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153 - Naval Battles of the Pacific War
July 25 - July 28
9:00 AM - 10:15 AM
Cost - $40.00
ENGR 101

The class will cover the Pacific War from 1936 to August 1945 with emphasis on the great naval battles. The circumstances that led up to these battles and the aftermath. There were many minor battles such as Bismarck Sea which will be reviewed in less detail, the primary ones are Pearl Harbor, Coral Sea, Midway, Guadalcanal/Solomons, Philippine Sea, and Leyte Gulf. The Philippine Sea was critical in that it gave us a base from which we could regularly attack the Japanese mainland and we did. It was from the Marianas Islands in the Philippine Sea from which we launched the two flights that dropped bombs on Hiroshima and Nagasaki. The final conflict came at Okinawa when the two bombs ended the conflict. Okinawa is not known as a naval battle but the Japanese attempts to dislodge us by use of the Kamikaze were devastating but not effective enough to change the tide of that war. *Campus is closed Monday, July 24th in celebration of Pioneer Day- no classes will be held.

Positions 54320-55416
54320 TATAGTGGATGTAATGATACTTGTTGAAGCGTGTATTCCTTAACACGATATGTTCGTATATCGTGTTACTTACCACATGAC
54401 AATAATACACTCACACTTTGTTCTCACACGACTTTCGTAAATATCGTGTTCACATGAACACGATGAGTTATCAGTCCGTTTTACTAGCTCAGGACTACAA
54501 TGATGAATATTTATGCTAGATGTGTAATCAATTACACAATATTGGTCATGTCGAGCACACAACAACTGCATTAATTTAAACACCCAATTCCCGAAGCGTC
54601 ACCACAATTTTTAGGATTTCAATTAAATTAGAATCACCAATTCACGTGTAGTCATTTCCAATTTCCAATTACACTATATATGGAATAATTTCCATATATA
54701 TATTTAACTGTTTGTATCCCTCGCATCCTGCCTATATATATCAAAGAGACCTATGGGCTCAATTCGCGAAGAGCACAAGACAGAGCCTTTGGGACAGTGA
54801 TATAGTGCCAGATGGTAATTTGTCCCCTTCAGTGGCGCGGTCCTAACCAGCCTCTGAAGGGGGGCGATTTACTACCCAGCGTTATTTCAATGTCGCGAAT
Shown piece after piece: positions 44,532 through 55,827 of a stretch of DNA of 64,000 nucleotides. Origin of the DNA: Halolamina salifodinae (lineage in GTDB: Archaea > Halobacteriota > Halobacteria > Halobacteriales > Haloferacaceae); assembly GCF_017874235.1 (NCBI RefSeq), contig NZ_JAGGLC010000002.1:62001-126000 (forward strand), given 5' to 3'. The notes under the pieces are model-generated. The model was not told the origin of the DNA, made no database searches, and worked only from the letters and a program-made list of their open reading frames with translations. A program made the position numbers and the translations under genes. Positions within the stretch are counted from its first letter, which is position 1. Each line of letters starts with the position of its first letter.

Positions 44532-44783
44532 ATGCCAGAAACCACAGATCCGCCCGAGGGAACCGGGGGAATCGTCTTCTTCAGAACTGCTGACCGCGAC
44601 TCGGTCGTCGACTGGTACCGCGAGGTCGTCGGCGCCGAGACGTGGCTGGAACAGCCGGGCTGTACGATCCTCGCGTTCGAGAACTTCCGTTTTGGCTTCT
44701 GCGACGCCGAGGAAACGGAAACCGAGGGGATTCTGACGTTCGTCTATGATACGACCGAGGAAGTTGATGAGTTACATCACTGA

Course Instructor: Dick Clark graduate of USC School of Business 1960. In 1997, on retirement, I joined the Palm Springs Air Museum, a World War II air museum, as a docent and served as such until I was nominated to the presidency of that museum in 2010. I served as president for nearly two years when I retired for the second time and moved to Arizona. During those years my responsibilities included touring groups through the hangars discussing the airplanes used in World War II and the key battles both naval and air. We presented Saturday programs, where I lectured to audiences on various battles and specific subjects relative to World War II and I taught classes about World War II to newly accepted volunteers so that they would have a basis to discuss this war with museum visitors. Furthermore, I participated in the writing of training manuals and historical papers to be provided to visitors. At any given time, the museum managed approximately 350 volunteers. I was part of an outreach program where I would be asked to speak to tour groups such as Elder Hostel and fraternal organizations about the museum and its mission. In about 2005, I was nominated to the museum board of directors on which I served until my second retirement and move to Arizona.